Snowboarder Bo, can you give me a couple examples of the dreaded I-III-IV progression? I’m intrigued.

ETA: Oops, make that II-V-I progression. I type slowly.

Like my esteemed colleague, Professor Pulykamell, mentioned, prolly the best known I-III-IV song is Deep Purple’s Smoke On the Water (coincidentally, written about something that happened at a Frank Zappa show).

FTR, I don’t have a problem with it as a progression, but I have heard more than one musician sneer at it as “blues light” or somesuch.

ETA: Here is a good example of the I-III-IV being abused.

OK, “Walking on Sunshine” may be a little harder to catch, but try out “Louie, Louie” and “Wild Thing.” Sing “Louie, Louie” over “Wild Thing.” Or vice versa (although I think it’s a little easier the other way around.) See how the chords behind the melody move very similarly (although they are not identical due to the minor chord in “Louis Louis.”) “Walking on Sunshine” has that same movement to it. You can easily sing these two songs over it (although at a substantially increased tempo) and feel the same harmonic movement behind it.

Really? How oddly coincidental. What’s the story behind the song? I really don’t know much about Zappa (or Deep Purple, for that matter, but I’m more familiar with them.)

Sure. Let’s see… I think Got To Get You Into My Life by the Beatles, Layla by Eric Clapton, lots of Beach Boys songs, if I remember correctly.

Sorry, I really don’t mean to be nitpicky (but since it’s the Dope, I have to be), but that’s I-V-flat VII. I do understand what you mean, but the tonic is that first and last chord of that riff, so it’s I-I-V-flat VII:repeat instead of IV-IV-I-flat III:repeat.)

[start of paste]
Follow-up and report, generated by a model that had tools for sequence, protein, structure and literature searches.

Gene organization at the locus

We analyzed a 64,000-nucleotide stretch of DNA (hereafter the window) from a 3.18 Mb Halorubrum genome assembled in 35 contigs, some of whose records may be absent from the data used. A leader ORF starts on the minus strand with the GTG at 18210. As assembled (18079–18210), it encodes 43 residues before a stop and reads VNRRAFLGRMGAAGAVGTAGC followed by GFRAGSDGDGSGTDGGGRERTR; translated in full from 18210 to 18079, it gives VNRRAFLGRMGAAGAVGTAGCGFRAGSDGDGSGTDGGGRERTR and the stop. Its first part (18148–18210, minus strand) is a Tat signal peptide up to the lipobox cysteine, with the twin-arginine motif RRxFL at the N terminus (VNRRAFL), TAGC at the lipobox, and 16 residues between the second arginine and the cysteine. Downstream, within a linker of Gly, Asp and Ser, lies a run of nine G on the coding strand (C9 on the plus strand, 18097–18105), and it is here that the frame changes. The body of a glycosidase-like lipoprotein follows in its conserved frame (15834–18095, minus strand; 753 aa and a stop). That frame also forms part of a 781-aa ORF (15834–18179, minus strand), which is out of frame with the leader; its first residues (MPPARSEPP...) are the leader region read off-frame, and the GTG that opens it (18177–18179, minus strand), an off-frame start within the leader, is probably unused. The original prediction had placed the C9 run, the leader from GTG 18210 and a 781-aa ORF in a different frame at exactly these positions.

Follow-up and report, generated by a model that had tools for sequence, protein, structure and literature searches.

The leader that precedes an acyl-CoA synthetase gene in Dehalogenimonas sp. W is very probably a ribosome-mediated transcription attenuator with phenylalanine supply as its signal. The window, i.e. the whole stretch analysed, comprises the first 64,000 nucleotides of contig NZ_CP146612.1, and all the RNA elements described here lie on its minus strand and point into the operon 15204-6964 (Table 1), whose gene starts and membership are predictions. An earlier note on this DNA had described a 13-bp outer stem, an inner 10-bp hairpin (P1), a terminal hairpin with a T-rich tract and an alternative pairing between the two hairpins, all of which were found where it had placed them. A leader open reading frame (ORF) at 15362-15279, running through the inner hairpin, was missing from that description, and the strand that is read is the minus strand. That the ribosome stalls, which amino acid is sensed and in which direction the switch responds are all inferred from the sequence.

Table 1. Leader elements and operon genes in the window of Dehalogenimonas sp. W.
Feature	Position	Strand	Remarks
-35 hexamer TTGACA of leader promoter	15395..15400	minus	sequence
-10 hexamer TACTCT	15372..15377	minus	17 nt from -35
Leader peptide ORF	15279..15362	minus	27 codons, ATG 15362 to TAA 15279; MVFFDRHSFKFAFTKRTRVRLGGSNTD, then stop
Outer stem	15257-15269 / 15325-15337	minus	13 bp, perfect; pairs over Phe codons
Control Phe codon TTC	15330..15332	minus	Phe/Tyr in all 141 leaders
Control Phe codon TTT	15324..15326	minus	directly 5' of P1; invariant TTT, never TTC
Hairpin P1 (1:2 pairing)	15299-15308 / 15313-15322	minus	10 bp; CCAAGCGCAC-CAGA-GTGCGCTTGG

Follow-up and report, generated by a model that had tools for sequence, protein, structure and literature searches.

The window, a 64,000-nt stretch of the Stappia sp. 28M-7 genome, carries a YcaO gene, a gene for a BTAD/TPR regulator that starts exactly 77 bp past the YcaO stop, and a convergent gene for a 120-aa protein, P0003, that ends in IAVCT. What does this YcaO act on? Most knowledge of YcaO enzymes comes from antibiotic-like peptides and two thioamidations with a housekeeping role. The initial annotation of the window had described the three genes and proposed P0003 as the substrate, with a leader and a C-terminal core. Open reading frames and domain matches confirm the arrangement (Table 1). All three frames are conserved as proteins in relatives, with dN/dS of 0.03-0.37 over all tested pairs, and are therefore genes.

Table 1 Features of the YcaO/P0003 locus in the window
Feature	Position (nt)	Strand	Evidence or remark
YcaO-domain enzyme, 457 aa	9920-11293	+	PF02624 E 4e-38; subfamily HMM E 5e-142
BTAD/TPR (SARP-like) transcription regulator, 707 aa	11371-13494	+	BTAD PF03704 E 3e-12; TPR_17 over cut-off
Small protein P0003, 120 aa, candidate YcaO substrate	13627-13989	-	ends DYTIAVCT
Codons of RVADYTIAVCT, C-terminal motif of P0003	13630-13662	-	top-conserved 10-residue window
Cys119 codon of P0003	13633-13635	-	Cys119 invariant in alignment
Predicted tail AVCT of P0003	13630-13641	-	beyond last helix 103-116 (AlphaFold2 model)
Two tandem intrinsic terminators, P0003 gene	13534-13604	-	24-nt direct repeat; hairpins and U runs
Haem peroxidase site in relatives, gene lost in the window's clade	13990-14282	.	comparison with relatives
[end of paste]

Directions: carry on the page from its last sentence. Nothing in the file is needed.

Well, just look at the lyrics:

That’s pretty much what happened. DP was in town with the Rolling Stones mobile recording studio to do some recording, and the night before they were set to start, FZ had a show in the theatre of the Montreux Casino (where DP was going to set up and record). During the keyboard solo of King Kong, some idiot fired a flare gun straight up into the ceiling, setting the place on fire. The whole casino burned down, and Zappa & Co. lost all their equipment.

DP had to find a new place to record, eventually settling into the Grand Hotel, where they recorded most of the tracks for Machine Head.

Zappa wrote about it in The Real Frank Zappa Book, and wiki actually has a decent write up of it, too.

Where’s the embarrassed smiley? Shows you how much I pay attention to lyrics. I think about the only lyrics I could sing from that is “Smoke on the water, fire in the sky.” Had no clue Zappa was name-checked in there.

I bow to your obviously superior ear and knowledge; I’m just a simple snowboarder who enjoys flailing the strings.

I know there was some obnoxious pop/dance tune from around that time that was a I-III-IV tho… my friend Jiggs (bass player) used to make fun of it all the time. Maybe it was that Dee-Lite song or something?

Dammit, I like that song. Am I supposed to be contemptuous for it for some reason?

No, no, you quite got the chords right, just the wrong sequence. I-flat III- IV is the same as I-V-flat VII, depdning on where you feel the tonic (I chord) is. So, C-E flat-F is I-flat III-IV in the key of C, but V-flat VII-I in the key of F. It all depends on where you feel that “finality” (tonic), for lack of better description.

Hmm…I don’t know. “Groove is in the Heart” is basically I-V over and over. Different era, but “Na Na Na Hey Hey Hey (Kiss Him Goodbye)” is I-flat III- IV.

edit: Crap, no, it’s I-flat III-flat VII (I’m not that good at playing progressions in my head. The piano set me straight.) This is going to bug me now. What the hell songs fit that progression?